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1. ‘Defence of the Parochial Schools of Scotland,’ Edinburgh, 1854, 8vo. 2. ‘The Nooks and Byways of Italy. Wanderings in Search of its Ancient Remains and Modern Superstitions,’ Liverpool, 1868, 8vo. 3. ‘Drumlanrig Castle and the Douglases: with the Early History and Ancient Remains of Durisdeer, Closeburn, and Morton,’ Dumfries, 1876, 8vo. 4. ‘Bible Echoes in Ancient Classics,’ Edinburgh, 1878, 8vo.

[Private information.]

T. C.

RAMBERG, JOHANN HEINRICH (1763–1840), historical and portrait painter, draughtsman, and engraver, was born at Hanover on 22 July 1763. His father, who was war secretary of the electorate and a lover of art, encouraged his son's early talent. In 1781 he came to England and was introduced to George III, for whom he made many humorous sketches and caricatures. The king brought him under the notice of Benjamin West, and he was admitted into the schools of the Royal Academy, where, in 1784, he gained a silver medal for drawing from the life. He began to exhibit at the Royal Academy in 1782, when he sent five drawings: ‘St. James's Park,’ ‘The Embarkment’ (engraved by Edmund Scott), ‘Good News’ (engraved by John Ogborne), ‘Bad News,’ and a ‘Review of Soldiers.’ In 1784 he exhibited three pictures: ‘The Death of Captain Cook,’ ‘The Soldier's Return’ (engraved by William Pether), and ‘The Blind Veteran.’ ‘The Sailor's Farewell’ in 1785, a drawing of ‘Queen Margaret of Anjou landing at Weymouth after the Battle of Tewkesbury’ in 1787, and ‘Whitsuntide Holidays’ and two other drawings in 1788 complete the list of his exhibited works. About this time he painted ‘The Exhibition of the Royal Academy 1787,’ and ‘Portraits of their Majesties and the Royal Family viewing the Exhibition of the Royal Academy 1788,’ both of which were engraved in line by P. A. Martini. In 1788, by the help of his royal patron, he visited the Netherlands, and afterwards Germany and Italy, returning to Hanover in 1792, when he was appointed electoral court painter. In 1789 he painted the curtain for the court theatre in Hanover, which he himself etched in 1828, and while in Dresden in 1790–1 he painted, for the decoration of Carlton House, ‘Alexander crossing the Granicus.’ Besides the above works may be noted ‘Olivia, Maria, and Malvolio’ from ‘Twelfth Night,’ engraved by Thomas Ryder for Boydell's ‘Shakespeare;’ ‘The Goldfinches,’ in illustration of Jago's elegy, for Macklin's ‘British Poets;’ ‘Public Amusement’ and ‘Private Amusement,’ engraved by William Ward; ‘Laura, or Thoughts on Matrimony,’ engraved by Henry Kingsbury; ‘The Departure of Queen Marie-Antoinette and her Family,’ engraved by J. F. Bolt; the Princess Mary, engraved by William Nutter; the Princess Elizabeth, engraved by W. Ward; the Princess Sophia, engraved by J. Ogborne; and a portrait of Baron Denon, which was etched by Denon himself. His work as a draughtsman for the German almanacs and pocket-books extended over a period of more than twenty years, but his best illustrations are those which he himself etched for ‘Reineke Fuchs’ and ‘Tyll Eulenspiegel,’ both published in 1826. He made, from sketches by the Princess Elizabeth, Landgravine of Hesse-Homburg, a series of twenty allegorical designs entitled ‘Genius, Imagination, Phantasie,’ which were lithographed by Julius Giere, and published at Hanover in 1834.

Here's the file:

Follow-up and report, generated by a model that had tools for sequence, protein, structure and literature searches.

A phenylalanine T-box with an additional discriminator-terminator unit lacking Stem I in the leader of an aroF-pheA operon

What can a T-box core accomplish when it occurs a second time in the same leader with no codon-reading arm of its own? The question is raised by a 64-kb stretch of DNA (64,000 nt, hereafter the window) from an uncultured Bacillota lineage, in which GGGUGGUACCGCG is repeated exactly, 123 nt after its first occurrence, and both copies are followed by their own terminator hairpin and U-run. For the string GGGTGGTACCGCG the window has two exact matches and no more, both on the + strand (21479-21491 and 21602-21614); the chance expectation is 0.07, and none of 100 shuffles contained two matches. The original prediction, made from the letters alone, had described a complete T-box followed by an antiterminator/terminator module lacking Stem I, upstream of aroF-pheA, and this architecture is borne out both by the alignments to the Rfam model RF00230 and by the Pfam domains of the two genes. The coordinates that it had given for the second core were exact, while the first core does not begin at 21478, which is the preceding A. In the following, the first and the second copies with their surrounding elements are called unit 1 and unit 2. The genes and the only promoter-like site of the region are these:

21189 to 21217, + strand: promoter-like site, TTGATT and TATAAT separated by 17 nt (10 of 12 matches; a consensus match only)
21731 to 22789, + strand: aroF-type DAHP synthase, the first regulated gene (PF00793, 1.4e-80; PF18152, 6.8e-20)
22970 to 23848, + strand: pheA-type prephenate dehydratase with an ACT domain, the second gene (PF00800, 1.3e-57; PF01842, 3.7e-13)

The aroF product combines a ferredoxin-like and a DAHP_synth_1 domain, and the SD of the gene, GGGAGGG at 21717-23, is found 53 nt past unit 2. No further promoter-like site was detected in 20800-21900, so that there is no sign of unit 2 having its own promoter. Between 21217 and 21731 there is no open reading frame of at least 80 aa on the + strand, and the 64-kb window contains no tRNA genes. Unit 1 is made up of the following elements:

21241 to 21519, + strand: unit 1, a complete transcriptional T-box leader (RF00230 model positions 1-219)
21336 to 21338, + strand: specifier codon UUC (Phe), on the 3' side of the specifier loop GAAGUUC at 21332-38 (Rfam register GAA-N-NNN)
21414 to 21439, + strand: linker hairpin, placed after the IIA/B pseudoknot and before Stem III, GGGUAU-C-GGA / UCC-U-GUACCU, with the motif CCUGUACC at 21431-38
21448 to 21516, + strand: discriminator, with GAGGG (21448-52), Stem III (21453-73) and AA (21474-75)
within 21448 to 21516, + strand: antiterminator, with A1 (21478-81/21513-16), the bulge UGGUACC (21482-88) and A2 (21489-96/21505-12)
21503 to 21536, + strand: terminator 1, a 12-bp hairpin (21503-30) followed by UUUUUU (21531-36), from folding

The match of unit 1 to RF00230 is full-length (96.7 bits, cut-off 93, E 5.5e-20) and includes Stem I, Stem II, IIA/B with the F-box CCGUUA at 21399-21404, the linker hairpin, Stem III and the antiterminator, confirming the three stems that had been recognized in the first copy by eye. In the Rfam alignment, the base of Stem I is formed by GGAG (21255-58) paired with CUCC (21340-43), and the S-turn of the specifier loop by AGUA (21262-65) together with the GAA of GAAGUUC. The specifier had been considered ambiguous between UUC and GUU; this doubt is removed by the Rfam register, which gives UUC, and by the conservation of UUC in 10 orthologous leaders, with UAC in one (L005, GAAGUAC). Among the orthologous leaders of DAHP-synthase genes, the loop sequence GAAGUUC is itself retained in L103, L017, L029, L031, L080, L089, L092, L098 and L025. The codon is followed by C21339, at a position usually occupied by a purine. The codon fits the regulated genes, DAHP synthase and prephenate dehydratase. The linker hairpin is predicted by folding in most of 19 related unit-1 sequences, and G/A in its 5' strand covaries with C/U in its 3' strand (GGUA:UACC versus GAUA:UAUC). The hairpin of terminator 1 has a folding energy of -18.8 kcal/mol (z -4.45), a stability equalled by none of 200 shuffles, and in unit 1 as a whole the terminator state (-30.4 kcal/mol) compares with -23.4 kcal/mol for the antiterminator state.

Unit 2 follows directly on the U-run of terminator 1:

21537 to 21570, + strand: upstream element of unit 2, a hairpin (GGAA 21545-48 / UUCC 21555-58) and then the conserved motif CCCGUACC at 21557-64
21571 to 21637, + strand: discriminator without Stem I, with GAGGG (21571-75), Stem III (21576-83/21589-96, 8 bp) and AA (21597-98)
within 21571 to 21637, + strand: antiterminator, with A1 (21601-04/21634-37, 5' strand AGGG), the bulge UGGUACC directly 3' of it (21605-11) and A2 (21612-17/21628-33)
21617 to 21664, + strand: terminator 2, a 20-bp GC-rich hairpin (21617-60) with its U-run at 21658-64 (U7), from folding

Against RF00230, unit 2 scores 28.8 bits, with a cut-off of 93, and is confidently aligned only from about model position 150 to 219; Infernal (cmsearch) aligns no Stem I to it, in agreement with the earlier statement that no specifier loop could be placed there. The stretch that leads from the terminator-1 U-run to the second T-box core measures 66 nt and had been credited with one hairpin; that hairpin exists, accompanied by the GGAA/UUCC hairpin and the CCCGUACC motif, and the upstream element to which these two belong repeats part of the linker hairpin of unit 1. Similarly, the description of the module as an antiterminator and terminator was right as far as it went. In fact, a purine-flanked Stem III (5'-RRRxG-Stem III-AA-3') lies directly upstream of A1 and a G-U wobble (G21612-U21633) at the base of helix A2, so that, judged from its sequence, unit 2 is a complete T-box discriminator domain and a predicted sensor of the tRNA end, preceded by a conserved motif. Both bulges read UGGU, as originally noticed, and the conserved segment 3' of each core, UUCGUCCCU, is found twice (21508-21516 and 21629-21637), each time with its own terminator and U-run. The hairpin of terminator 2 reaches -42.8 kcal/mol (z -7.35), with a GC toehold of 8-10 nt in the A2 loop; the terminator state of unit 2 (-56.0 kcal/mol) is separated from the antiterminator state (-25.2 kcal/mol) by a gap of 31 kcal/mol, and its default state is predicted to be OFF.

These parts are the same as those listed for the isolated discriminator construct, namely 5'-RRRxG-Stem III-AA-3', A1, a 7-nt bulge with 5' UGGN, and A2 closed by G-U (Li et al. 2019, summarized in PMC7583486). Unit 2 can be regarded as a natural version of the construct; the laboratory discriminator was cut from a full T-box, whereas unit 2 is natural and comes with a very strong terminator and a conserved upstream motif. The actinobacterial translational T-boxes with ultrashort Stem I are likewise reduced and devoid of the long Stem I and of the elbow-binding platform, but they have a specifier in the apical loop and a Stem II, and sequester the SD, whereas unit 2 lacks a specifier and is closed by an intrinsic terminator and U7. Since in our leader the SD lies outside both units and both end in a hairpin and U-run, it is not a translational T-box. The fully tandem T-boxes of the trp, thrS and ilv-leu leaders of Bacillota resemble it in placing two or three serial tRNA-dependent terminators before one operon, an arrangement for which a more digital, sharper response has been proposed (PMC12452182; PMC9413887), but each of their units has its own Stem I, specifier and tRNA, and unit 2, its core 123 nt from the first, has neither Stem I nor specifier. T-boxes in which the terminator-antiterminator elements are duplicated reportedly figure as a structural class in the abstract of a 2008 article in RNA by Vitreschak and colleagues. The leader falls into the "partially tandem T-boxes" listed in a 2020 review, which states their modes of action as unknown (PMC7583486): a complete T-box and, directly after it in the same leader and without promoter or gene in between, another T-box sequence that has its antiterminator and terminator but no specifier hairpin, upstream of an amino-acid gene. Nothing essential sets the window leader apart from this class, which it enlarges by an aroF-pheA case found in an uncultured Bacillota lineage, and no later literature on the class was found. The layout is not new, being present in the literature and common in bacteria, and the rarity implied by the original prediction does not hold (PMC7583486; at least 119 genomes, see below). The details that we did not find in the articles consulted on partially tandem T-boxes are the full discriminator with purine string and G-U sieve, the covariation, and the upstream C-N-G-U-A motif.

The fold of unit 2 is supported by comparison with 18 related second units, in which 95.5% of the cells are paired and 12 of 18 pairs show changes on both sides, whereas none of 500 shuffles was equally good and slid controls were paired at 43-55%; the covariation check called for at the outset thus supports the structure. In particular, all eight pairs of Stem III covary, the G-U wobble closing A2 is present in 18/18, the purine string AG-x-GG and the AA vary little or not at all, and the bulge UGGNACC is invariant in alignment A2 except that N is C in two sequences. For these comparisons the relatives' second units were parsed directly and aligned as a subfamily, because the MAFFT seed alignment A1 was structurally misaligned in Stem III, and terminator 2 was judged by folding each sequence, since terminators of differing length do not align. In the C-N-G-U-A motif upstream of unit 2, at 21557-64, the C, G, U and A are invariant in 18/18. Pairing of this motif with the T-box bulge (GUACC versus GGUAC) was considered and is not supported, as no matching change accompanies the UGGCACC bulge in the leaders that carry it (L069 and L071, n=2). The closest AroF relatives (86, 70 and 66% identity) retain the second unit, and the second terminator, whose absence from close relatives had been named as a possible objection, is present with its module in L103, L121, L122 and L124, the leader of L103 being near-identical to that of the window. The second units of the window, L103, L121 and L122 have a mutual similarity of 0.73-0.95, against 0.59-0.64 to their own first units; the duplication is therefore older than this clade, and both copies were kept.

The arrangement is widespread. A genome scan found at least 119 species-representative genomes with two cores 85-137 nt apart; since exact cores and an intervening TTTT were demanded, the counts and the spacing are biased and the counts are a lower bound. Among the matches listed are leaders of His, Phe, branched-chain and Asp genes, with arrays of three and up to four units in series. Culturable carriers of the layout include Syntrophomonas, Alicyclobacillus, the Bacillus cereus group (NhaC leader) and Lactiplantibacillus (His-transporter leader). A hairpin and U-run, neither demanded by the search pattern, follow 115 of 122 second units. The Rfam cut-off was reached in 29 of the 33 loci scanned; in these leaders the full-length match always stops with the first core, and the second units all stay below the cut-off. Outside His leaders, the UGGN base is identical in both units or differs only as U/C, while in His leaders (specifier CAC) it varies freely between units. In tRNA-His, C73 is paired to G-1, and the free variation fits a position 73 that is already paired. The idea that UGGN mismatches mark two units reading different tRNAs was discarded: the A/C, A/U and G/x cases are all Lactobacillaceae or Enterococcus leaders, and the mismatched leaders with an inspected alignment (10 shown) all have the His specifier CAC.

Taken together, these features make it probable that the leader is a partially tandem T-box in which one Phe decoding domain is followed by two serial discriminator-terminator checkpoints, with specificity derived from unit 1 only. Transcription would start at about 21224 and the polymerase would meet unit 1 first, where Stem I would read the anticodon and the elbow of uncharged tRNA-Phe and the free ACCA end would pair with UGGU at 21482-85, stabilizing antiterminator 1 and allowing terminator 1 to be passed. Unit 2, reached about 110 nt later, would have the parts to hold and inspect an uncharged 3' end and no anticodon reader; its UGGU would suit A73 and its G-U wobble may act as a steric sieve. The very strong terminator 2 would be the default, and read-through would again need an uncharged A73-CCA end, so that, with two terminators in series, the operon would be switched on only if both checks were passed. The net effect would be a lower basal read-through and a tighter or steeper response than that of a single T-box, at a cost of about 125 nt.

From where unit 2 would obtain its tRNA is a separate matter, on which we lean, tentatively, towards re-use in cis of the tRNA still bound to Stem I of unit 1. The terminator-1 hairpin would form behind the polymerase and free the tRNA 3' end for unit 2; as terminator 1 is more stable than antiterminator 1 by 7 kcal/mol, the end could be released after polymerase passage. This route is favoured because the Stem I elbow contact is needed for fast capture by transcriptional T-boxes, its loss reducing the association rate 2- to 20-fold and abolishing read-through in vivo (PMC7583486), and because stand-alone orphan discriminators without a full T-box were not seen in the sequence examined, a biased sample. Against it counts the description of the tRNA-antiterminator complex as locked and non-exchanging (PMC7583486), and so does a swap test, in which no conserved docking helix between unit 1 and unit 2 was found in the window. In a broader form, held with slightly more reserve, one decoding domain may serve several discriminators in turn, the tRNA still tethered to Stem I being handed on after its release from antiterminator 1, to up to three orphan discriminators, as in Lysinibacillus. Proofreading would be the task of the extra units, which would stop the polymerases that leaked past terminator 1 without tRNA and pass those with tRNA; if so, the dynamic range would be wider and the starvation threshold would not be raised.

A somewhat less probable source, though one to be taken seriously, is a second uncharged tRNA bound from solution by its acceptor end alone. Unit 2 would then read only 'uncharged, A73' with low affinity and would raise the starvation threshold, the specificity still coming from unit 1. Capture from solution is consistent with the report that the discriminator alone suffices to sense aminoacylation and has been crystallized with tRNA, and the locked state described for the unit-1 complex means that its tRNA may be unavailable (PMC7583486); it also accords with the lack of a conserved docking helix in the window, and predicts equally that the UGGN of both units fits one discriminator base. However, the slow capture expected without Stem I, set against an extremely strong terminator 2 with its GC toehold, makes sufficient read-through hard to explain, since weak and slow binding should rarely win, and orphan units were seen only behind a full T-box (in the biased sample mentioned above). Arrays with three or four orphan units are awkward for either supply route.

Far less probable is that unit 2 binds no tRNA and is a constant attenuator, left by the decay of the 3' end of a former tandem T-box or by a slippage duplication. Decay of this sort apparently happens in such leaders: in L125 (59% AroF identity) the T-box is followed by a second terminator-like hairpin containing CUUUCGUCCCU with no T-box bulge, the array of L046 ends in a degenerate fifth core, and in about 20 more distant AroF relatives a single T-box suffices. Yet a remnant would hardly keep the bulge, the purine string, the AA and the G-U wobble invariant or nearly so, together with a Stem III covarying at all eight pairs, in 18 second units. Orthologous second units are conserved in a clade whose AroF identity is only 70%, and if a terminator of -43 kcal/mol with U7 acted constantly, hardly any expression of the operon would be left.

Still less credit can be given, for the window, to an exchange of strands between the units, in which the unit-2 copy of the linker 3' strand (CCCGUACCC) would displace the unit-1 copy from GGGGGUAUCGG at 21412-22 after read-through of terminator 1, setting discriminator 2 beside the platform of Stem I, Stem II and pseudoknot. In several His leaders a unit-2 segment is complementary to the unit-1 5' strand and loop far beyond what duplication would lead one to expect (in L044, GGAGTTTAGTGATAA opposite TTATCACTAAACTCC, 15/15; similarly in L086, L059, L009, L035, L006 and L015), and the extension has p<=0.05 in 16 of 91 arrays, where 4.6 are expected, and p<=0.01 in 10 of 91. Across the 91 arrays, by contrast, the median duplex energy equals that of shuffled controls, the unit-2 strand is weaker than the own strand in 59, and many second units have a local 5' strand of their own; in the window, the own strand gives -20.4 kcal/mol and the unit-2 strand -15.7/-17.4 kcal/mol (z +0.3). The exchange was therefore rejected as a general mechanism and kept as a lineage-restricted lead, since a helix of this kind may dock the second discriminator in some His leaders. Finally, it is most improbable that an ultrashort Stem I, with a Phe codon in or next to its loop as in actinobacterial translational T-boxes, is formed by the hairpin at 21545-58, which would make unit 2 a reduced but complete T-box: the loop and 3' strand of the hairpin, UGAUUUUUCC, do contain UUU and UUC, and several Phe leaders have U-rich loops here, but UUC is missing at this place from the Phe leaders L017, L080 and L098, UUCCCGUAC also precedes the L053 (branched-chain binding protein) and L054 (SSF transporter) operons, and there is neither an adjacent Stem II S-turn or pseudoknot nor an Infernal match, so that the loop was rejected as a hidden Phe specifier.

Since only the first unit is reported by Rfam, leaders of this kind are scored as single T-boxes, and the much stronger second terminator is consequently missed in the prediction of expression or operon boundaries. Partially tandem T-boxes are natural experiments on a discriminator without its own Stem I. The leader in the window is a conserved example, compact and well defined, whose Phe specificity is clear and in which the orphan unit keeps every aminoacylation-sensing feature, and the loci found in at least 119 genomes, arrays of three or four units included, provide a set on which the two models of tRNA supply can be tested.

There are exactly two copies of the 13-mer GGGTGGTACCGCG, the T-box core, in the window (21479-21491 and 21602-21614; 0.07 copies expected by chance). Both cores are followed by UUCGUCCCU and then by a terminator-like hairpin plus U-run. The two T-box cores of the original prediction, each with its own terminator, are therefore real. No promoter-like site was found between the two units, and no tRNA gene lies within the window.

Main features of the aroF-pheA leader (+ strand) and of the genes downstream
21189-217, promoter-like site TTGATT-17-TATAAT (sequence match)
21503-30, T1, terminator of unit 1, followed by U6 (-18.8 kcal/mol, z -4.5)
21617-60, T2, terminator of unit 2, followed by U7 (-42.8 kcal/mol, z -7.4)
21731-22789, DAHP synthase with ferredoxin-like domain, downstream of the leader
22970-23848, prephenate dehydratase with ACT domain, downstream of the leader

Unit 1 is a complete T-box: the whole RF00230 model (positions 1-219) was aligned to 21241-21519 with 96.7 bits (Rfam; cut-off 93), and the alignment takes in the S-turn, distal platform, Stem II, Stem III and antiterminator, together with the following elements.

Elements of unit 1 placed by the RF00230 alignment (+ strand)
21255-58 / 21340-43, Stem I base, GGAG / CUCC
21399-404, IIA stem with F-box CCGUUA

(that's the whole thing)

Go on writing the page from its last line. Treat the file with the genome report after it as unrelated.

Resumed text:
Ramberg died at Hanover on 6 July 1840, and was buried in the Gartenkirchhof. There are two portraits of him—one an etching by Denon, taken at Venice in 1791; the other, a lithograph by Julius Giere, drawn in 1838.

[Johann Heinrich Ramberg in seinen Werken dargestellt von J. C. C. Hoffmeister, Hanover, 1877; Nagler's Künstler-Lexicon, 1835–52, xii. 275–8; Allgemeine Deutsche Biographie, 1875, &c., xxv. 207; Preussische Jahrbücher, 1870 (art. by A. Conze), xxvi. 83–103; Royal Academy Exhibition Catalogues, 1782–88.]

R. E. G.

RAMESAY, WILLIAM (fl. 1660), astrologer. [See Ramsay.]

RAMKINS, ALEXANDER (1672–1719?), adherent of James II, was born in the north of Scotland in 1672, and was sent to the university of Aberdeen. While a student there he heard of the gathering of several clans for James VII, sold his books and furniture, bought arms, and at the end of July 1689 joined a body of three hundred highlanders who had been on the victorious side at Killiecrankie. He marched about with them in the highlands for a time, and then went home to his mother with an old captain of James's army. After two months at home, having obtained 1,200l. as the value of his inheritance, he sailed to Rotterdam and joined the French army at the siege of Mainz. He found it difficult to get employment without regular training, so went to the French military college for cadets at Strasburg, and, afterwards returning to the army, was admitted as a volunteer and served in the Palatinate. He thence obtained leave to go to Paris, and, receiving a commission as